The Limbs of Shiva — Elephanta Island

26 February 2007

I was told that it wasn’t safe to drink coca-cola because the monkeys would swoop down and snatch it out of my hand. I chucked my can in the bin, and followed my guide in the Elephanta caves.

I had spent an hour on the boat, feeling the cool breeze against my forehead, and looking at the blue sea ripple. As the boat bobbed away from the great colonial arch of the Gate of India and Mumbai receded, it felt like the whole city was floating on the waves, that it had risen out of the blueness, a brief shimmering vision of power stations, tower blocks, shacks, beaches and islands in the fierce sunlight and smog. Phew! I was free! My ears weren’t hurting from all the honking, screeching cars, my pockets weren’t being felt by five-year-old beggars, my shirt wasn’t soaked in anxiety.

Once I disembarked, a friendly teenager started to tag along with me, telling me that for three hundred rupees, about two pounds fifty, he would take me around the caves. I accepted and together we walked up the hundreds of steps to the caves. They were over a thousand years old and had been built to celebrate the Hindu God of Shiva, his wife and his friends such as the good-luck elephant-headed god, Ganeesh. My guide explained many of the stories connected with Shiva and told me that the Portuguese had colonised the island before the British a few hundred years ago and had used the caves as target practice, shooting off the limbs. This was definitely a desecration because it felt as if I was staring at smudged and ripped photos.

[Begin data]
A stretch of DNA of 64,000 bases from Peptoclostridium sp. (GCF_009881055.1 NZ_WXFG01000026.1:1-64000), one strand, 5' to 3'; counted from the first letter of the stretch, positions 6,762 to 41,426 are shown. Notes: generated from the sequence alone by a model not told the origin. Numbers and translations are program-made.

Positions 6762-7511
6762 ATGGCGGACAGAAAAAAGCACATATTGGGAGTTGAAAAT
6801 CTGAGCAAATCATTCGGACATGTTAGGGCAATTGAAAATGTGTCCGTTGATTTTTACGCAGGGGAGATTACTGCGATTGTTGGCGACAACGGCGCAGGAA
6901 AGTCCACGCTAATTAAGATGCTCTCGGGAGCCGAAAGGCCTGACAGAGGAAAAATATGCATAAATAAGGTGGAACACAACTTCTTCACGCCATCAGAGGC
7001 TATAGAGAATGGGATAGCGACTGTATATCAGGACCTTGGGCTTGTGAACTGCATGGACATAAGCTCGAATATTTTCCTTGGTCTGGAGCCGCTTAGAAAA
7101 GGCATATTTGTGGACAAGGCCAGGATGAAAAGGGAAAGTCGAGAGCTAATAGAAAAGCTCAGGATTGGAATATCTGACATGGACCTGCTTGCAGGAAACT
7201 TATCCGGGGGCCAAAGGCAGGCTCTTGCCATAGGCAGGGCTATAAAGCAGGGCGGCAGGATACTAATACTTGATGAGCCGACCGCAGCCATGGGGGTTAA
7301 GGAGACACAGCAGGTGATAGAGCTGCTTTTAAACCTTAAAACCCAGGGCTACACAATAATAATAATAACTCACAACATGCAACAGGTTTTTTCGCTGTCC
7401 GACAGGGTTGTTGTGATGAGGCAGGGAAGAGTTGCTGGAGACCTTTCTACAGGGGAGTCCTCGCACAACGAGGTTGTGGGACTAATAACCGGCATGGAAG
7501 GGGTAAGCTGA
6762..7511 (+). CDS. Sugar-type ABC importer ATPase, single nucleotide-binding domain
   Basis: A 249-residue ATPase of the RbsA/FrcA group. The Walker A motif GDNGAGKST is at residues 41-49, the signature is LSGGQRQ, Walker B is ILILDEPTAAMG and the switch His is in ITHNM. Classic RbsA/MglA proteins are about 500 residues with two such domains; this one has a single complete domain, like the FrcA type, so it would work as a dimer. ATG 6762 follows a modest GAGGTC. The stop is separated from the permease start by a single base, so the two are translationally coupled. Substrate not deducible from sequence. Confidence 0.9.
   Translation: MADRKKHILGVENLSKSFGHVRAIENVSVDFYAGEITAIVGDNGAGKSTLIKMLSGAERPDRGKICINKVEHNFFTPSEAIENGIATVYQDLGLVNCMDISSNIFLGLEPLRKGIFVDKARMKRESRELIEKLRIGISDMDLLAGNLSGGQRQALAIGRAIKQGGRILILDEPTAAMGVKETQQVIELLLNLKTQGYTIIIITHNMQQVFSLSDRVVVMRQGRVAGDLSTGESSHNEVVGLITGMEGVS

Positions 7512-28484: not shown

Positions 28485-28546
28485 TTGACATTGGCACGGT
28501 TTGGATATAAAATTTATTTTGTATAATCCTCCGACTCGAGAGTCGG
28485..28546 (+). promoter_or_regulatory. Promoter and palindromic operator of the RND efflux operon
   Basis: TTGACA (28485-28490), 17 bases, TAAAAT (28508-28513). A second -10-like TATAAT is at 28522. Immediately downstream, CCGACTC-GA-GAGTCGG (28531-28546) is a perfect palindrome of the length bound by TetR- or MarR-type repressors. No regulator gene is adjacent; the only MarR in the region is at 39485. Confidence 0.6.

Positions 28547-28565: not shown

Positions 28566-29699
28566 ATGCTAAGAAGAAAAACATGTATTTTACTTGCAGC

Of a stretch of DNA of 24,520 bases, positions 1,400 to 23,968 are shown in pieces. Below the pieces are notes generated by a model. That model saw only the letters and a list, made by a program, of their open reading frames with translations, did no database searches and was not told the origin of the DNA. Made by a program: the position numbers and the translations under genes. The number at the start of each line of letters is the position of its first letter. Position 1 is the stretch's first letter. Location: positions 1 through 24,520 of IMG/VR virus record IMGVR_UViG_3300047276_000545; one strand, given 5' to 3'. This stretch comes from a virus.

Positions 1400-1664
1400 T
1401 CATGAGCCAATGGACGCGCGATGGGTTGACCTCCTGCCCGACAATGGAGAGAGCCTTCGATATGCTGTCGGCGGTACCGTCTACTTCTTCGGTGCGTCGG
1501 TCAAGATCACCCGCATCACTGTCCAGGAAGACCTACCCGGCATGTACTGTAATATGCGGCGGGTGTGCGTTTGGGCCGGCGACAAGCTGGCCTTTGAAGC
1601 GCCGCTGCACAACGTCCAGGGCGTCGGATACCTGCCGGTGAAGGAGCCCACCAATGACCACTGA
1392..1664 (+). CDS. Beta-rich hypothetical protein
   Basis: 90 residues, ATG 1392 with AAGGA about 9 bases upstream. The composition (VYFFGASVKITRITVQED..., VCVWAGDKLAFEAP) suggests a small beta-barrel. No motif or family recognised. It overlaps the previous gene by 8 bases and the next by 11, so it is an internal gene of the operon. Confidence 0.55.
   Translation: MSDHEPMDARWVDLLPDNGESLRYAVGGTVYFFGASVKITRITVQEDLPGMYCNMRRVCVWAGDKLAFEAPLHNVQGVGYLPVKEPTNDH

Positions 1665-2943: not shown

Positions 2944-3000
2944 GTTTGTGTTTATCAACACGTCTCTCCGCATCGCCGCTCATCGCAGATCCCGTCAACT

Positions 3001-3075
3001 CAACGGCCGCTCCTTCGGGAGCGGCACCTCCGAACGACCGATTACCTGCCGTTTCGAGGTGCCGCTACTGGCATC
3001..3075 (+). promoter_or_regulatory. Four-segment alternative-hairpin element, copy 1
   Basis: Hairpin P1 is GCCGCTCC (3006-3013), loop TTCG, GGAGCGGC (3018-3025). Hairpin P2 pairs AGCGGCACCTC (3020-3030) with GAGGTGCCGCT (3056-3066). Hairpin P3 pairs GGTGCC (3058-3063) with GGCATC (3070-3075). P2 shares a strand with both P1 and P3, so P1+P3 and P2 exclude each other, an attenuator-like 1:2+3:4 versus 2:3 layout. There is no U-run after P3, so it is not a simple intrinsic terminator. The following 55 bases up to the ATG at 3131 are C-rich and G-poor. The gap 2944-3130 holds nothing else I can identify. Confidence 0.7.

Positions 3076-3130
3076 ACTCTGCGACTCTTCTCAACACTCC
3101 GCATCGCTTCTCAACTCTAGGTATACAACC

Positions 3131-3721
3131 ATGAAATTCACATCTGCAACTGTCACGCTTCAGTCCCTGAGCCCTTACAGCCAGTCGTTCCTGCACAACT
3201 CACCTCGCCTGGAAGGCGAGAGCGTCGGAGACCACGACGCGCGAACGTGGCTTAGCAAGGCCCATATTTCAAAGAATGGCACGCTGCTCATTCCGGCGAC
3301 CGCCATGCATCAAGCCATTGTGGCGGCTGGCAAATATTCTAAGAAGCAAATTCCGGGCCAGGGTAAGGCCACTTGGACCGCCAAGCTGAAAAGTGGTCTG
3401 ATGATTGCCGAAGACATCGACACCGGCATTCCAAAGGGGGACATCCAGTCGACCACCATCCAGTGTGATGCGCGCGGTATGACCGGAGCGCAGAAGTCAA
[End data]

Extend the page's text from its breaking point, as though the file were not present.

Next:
The guide explained that he had grown up in a neighbouring village and had stopped going to school when he was eleven. He had not been taught English but had learnt it from speaking to tourists. He showed me his village proudly and said that he stayed on this tiny island all week except on Mondays when the caves were shut to the public, when he went with the other locals to Mumbai by boat to buy food and provisions.

He looked ruefully across the bay at another island where there was a nuclear power station built in the shape of Shiva’s holy symbol of the ‘lingam’ — a holy representation of the phallus. I wondered if this was deliberate but he didn’t know. We’d seen a number of lingams in the caves but the one across the bay was much bigger and felt like an ambivalent symbol: a reminder of both the ancient and modern.

I caught the last boat back to Mumbai and wandered around the streets with a screaming headache brought on by the heat I think. Nevertheless, I quite liked ambling around the streets, smelling the chapattis and other delicacies sizzling in the street stalls, absorbing the whiff of engine oil, smoke, and latrines. Around the back of Khala Ghoda, the museum district of Mumbai, I found loads of workshops. I realised that I could have brought all my broken electronic gadgets here and someone would have fixed them. This country was the ultimate place for re-cycling. I liked the fact that the streets felt safe and that once away from the really touristy areas I wasn’t assailed by beggars. I began to realise that the beggars in the Colabra market, where all the western shops, stalls and cafes are, were specifically targeting that area. They clearly were in total distress but there was also something theatrical about their performance I saw now: it was very much a rehearsed cry from the heart and the stomach in much the same way some women go begging in the Tube in London with their babies. The difference was though that there was proper help in London but probably not much in Mumbai.

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